Sullivan County Democrat
O n l i n e  E d i t i o n National Award-winning, Family-run Newspaper
  NEWS ARCHIVES Established 1891 Callicoon, New York  
home  |  archives

Democrat File Photo

Some of the fixtures in the 1909 section of the County Jail are so old they can no longer be replaced. Here, Sheriff’s Deputy Corrections Officer Irving Rumble turns the master control wheel that operates the cell doors in B Block, used for incoming inmates who typically spend up to five days there.

Clock ticking on county jail

By Dan Hust
MONTICELLO — March 30, 2010 — When it comes to the proposed replacement of the Sullivan County Jail, “time is a key factor,” said Legislator Leni Binder.
She was speaking at a meeting of the Legislature’s Labor Subcommittee on Thursday, where County Manager David Fanslau announced he’s working on a final report about the county’s investigations to date on jail options.
Though Fanslau said yesterday that won’t likely include recommendations, it will detail conversations he and other officials have had with Delaware, Ulster and Orange politicians and jail administrators, along with the state.
The county, said Undersheriff Eric Chaboty yesterday, has been considering everything from the Apollo Mall to the Sullivan Correctional Facility Annex to a regionalized approach.
Every option continues to provide significant advantages and disadvantages, and with the NYS Commission of Correction threatening to shut down more of the century-old jail in Monticello, legislators are stepping up efforts to figure out the “right” choice.
“They [the state] are looking to shut down more cells,” acknowledged Chaboty. “... You’re dealing with a regulatory agency that doesn’t want to hear excuses anymore.”
He’s of the mind that the county should have begun construction of a new jail 20 years ago. (It was discussed then but never built.) The last mortgage payment, he explained, would have been due this year on what would have been a $25-$30 million project.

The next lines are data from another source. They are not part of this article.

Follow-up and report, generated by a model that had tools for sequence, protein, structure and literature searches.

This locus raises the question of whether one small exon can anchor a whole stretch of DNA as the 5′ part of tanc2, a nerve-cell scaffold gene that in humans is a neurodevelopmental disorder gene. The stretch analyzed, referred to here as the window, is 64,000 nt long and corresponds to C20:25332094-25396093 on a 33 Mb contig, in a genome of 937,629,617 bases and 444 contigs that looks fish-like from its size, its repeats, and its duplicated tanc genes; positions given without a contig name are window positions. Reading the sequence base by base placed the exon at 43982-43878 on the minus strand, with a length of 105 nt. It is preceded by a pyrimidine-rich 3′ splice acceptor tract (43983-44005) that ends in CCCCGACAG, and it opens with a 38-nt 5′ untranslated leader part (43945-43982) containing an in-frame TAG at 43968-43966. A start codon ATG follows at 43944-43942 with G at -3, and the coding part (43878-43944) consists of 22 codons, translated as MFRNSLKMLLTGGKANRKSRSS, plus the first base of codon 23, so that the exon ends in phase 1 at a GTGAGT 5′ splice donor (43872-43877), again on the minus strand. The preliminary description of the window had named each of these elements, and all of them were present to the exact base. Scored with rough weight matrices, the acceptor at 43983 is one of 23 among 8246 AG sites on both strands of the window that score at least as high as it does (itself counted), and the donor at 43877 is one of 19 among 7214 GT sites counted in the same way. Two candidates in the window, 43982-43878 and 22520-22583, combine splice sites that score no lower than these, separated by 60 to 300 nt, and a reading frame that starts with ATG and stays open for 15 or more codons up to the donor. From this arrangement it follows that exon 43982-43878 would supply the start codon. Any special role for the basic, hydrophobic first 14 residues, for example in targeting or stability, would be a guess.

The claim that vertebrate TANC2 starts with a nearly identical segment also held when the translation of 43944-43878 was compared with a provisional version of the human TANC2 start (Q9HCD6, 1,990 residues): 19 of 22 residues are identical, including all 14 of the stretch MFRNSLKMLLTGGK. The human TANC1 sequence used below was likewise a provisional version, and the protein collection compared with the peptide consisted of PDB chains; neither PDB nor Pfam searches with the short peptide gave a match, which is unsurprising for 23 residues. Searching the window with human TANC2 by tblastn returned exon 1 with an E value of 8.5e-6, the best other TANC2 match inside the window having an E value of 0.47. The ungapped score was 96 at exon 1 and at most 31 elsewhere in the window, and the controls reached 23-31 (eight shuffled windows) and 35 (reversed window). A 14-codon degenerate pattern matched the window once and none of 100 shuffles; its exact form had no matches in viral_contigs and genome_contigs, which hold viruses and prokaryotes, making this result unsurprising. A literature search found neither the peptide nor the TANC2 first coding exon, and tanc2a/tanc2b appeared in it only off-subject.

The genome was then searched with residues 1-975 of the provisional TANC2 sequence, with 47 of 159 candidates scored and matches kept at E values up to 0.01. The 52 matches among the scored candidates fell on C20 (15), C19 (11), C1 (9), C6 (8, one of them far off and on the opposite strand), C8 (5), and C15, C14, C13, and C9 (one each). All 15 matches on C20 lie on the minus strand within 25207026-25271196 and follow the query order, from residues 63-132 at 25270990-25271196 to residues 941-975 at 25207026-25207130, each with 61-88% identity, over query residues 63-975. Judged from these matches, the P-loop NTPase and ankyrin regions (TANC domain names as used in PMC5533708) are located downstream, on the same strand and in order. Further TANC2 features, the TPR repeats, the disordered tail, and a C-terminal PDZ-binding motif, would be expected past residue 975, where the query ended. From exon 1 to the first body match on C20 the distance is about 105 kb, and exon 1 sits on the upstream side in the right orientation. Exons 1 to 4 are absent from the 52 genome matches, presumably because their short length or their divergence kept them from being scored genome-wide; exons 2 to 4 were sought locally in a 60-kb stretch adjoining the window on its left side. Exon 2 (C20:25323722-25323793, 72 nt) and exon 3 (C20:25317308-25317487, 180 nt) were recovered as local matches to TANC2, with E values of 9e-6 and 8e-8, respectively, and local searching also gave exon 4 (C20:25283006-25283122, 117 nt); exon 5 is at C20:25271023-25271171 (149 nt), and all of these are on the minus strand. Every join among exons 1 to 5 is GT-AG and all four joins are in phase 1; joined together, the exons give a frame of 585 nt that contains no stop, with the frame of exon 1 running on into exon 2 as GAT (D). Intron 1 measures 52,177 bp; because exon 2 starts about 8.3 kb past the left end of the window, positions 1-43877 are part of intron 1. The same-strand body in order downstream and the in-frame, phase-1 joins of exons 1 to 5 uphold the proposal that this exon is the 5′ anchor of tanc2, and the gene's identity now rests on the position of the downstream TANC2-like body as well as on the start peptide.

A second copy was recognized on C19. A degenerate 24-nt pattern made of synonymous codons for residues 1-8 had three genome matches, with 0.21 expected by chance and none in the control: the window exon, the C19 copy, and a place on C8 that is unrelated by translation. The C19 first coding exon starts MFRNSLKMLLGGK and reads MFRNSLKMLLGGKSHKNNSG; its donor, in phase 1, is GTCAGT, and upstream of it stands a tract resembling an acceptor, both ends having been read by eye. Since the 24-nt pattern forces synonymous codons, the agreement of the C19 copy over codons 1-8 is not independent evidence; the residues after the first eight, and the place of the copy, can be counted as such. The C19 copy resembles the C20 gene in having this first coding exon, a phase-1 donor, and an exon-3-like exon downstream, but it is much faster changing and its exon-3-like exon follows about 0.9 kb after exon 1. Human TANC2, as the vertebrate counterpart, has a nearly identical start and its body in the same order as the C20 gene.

Instead, Chaboty said, the county is currently stuck with a decrepit jail that he feels cannot be renovated to the state’s (or county’s) satisfaction.
“I don’t think the Commission of Correction is interested in rehabbing the old jail, so we may be forced to build a new jail,” agreed Legislator David Sager, who chairs the Legislature’s Public Works Committee and thus is overseeing the exploration of options.
His trip last week to the Delaware County Jail in Delhi, which is less than half the size Sullivan County is considering and was built six years ago for $23 million, gave him hope that even a full buildout of a new jail might not hit the $70-$80 million mark many officials have estimated.
The now-closed Sullivan Annex in Fallsburg offers a chance to avoid building a completely new facility, but as Chaboty told Labor Subcommittee members on Thursday, “the site really needs extensive investigation.”
Though supported by Binder and Fallsburg Supervisor Steve Vegliante, the site would still require some new construction.
“The structure of the annex is not really suitable for the needs of the county jail,” Fanslau explained.
And a transfer of the site from the state to the county would probably have to be negotiated at the governor’s level – and officials aren’t sure if they’d get it for free or at fair market value.
Once these answers are gained, Fanslau said he expects to offer recommendations on the annex and other options in a few months.
The county already has title to a 50-acre parcel off Route 17’s Exit 104 in Monticello, though it’s in arbitration with the original property owners to determine a fair purchase price beyond the $1,076,214.52 (appraised value only) it paid in November.
That site remains the Sheriff’s Office’s pick, but neighbors have decried it, and legislators remain uncertain.
“I have absolutely no preference at all,” said Sager, who’s more concerned about the long-term manpower impacts. “I think the numbers will speak for themselves.”
He is, however, fairly certain regionalization is “a moot point,” as Orange, Ulster and Delaware counties all now have new jails.
Boarding-out of prisoners, which Chaboty estimated will end up being more expensive in the long run than building a new jail, will likely become more the norm, especially with the state now bearing down on Sullivan County.
Indeed, 13 prisoners were shipped out of the county last week, said Fanslau, costing over $200 a day.
The clock continues to tick loudly in officials’ ears, with Fanslau confirming to legislators that even if they agreed on a choice today, jail construction would still take six months to bid out before it could begin – and the county would have to schedule it for the warmer months.
“So what is your goal date to start this?” Labor Subcommittee member Cindy Garlinghouse asked.
“1988,” quipped Legislator Kathy LaBuda.

top of page  |  home  |  archives